Aster is a Good Luck Girl, one of many sold by her family to a “welcome house” to earn her keep by having sex with men from the time she turns 16. On her younger sister Clementine’s 16th birthday, Clementine accidentally kills the man who’d purchased her services for the night and turns to Aster for help. Along with their friends Tansy and Mallow, and the welcome house’s best Good Luck Girl Violet, Aster and Clementine go on the run. They are pursued by the family of the man Clementine has killed and by men with powers similar to the dementors from Harry Potter. They are also in pursuit of the Lady Ghost, a figure out of children’s bedtime stories who allegedly has the power to remove the magical tattoos that mark them as Good Luck Girls.
The Good Luck Girls is a fast-paced and thrilling western. I love the focus on the girls’ friendships and I love the fierceness of Aster’s love and protectiveness towards her younger sister. I like that the book talks about the power imbalance between genders (girls are valued for their sexuality and men clearly hold much of the power in the society) and class (it’s mostly girls from poor families who are sold to welcome houses, and the lack of money becomes a major plot point in the girls’ escape). I also like that the book talks a bit about how drug addiction can be used by those in power to maintain their position — the Good Luck Girls are given a dose of a drug called Sweet Thistle every night. I thought Violet’s withdrawal could have been handled more realistically, such that it affected her more throughout the story, but overall, I like that the book tackled it at all, and showed how much it affected Violet to miss her daily dose.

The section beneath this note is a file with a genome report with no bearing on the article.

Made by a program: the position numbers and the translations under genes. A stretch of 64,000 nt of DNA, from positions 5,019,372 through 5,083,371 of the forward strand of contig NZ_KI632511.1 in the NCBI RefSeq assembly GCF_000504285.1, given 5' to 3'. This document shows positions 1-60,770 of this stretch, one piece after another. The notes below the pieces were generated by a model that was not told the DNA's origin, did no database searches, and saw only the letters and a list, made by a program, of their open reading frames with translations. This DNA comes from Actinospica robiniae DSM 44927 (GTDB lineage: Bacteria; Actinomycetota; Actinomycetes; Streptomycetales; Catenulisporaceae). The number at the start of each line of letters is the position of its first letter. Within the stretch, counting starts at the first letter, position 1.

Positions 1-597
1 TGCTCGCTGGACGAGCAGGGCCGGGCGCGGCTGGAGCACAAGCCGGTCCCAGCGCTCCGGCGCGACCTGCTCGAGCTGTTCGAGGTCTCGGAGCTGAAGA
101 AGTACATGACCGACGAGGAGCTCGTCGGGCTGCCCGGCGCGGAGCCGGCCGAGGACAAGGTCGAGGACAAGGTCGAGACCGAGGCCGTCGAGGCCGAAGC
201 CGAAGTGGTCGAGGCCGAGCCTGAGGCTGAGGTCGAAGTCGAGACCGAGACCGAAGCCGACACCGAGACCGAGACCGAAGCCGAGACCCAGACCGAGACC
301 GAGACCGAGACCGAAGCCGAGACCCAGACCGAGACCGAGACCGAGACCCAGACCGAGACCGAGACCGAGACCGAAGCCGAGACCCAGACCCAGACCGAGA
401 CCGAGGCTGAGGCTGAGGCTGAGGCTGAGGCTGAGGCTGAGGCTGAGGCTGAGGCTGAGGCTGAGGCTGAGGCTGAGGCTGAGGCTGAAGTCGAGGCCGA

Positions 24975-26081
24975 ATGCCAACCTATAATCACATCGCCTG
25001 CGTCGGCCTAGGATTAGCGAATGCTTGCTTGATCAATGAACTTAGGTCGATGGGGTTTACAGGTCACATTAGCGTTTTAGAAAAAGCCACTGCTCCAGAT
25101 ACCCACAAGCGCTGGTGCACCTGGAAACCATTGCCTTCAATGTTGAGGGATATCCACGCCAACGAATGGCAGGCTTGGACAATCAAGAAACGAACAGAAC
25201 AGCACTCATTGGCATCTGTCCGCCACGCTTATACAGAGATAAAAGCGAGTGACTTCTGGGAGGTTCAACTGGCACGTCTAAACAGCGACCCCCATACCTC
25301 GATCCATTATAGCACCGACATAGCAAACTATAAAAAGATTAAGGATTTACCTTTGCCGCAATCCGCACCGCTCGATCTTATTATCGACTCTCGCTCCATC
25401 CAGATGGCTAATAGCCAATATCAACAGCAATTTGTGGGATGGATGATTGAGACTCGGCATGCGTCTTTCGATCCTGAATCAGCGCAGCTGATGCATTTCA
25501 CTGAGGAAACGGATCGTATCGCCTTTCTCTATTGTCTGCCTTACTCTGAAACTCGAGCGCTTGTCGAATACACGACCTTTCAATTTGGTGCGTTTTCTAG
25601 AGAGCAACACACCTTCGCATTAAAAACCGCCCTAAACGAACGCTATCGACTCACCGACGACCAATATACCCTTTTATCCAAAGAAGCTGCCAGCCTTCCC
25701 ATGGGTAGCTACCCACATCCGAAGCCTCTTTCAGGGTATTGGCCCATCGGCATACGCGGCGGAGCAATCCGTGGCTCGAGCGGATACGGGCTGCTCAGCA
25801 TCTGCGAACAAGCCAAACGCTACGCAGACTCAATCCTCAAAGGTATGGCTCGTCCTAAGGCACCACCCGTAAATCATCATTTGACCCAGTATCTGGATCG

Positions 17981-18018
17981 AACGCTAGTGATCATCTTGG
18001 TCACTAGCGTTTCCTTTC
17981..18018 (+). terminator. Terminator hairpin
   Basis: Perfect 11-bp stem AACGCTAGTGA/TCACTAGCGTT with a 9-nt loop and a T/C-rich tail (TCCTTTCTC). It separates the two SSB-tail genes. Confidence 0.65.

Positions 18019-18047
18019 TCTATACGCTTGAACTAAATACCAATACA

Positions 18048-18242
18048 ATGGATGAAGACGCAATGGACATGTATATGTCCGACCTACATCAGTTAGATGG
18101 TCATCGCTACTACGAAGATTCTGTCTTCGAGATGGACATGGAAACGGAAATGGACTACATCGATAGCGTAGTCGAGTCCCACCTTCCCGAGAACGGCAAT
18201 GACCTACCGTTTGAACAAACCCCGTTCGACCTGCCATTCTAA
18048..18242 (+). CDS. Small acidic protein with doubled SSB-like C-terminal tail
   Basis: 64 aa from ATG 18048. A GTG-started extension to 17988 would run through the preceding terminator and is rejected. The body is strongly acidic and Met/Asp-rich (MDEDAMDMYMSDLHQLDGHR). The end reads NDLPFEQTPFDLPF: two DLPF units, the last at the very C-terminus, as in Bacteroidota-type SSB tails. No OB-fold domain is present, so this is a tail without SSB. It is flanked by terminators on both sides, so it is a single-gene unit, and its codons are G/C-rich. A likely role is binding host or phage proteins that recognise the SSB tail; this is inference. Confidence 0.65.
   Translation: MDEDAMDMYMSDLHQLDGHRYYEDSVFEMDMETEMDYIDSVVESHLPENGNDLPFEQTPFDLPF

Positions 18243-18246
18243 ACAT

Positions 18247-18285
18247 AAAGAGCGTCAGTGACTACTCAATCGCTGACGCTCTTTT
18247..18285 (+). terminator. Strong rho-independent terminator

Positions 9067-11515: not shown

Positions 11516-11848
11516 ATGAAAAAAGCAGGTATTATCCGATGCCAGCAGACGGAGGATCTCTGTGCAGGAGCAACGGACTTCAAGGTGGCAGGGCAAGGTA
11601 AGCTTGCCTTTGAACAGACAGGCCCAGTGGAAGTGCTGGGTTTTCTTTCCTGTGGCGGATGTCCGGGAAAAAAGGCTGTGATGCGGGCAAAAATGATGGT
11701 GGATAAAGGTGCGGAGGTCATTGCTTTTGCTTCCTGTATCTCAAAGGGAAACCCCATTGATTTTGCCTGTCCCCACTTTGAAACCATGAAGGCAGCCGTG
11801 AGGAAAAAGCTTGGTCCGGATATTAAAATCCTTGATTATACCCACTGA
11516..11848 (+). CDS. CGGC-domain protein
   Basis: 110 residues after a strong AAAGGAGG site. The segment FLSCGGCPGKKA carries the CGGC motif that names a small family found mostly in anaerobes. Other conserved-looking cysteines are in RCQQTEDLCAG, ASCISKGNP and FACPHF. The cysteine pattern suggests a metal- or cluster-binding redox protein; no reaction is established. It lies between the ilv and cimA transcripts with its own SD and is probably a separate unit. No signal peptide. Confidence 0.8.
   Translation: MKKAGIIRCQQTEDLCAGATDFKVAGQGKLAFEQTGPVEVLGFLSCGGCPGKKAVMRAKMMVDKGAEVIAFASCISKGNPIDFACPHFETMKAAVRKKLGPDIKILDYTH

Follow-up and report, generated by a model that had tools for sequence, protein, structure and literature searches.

Aster and Violet were the main characters, and I loved how complex their personalities were and how much they complemented each other. Along with Aster and Clementine’s sister bond, I also love Violet’s back story, and how the girl whom Aster had always thought of as spoiled and snobby actually turns out to be a lot more vulnerable and in a lot more pain than Aster realized. I do wish that Tansy and Mallow’s characters were fleshed out a bit more, and I hope we get that chance later in the series.
The story talks about a lot of heavy subjects, but it’s told in a fast-paced western / action-adventure style that’s a lot of fun to read. It was awesome seeing the girls kick ass throughout their journey, and I love that so much of their adventures had to do with overturning the power dynamic. For example, when they needed to steal money, they focused on stealing from the rich men they often saw at the welcome house, and Aster often reflected on how it good it feels to see the welcome house clients tasting the fear that the Good Luck Girls had to deal with every night.
The novel ended on a note that’s both hopeful and empowering, yet with a major plot point still unresolved that could potentially end badly. It’s a great set up for a sequel, and I’d be interested to see where Davis takes this series next.
Thank you to Raincoast Books for an advance reading copy of this book in exchange for an honest review.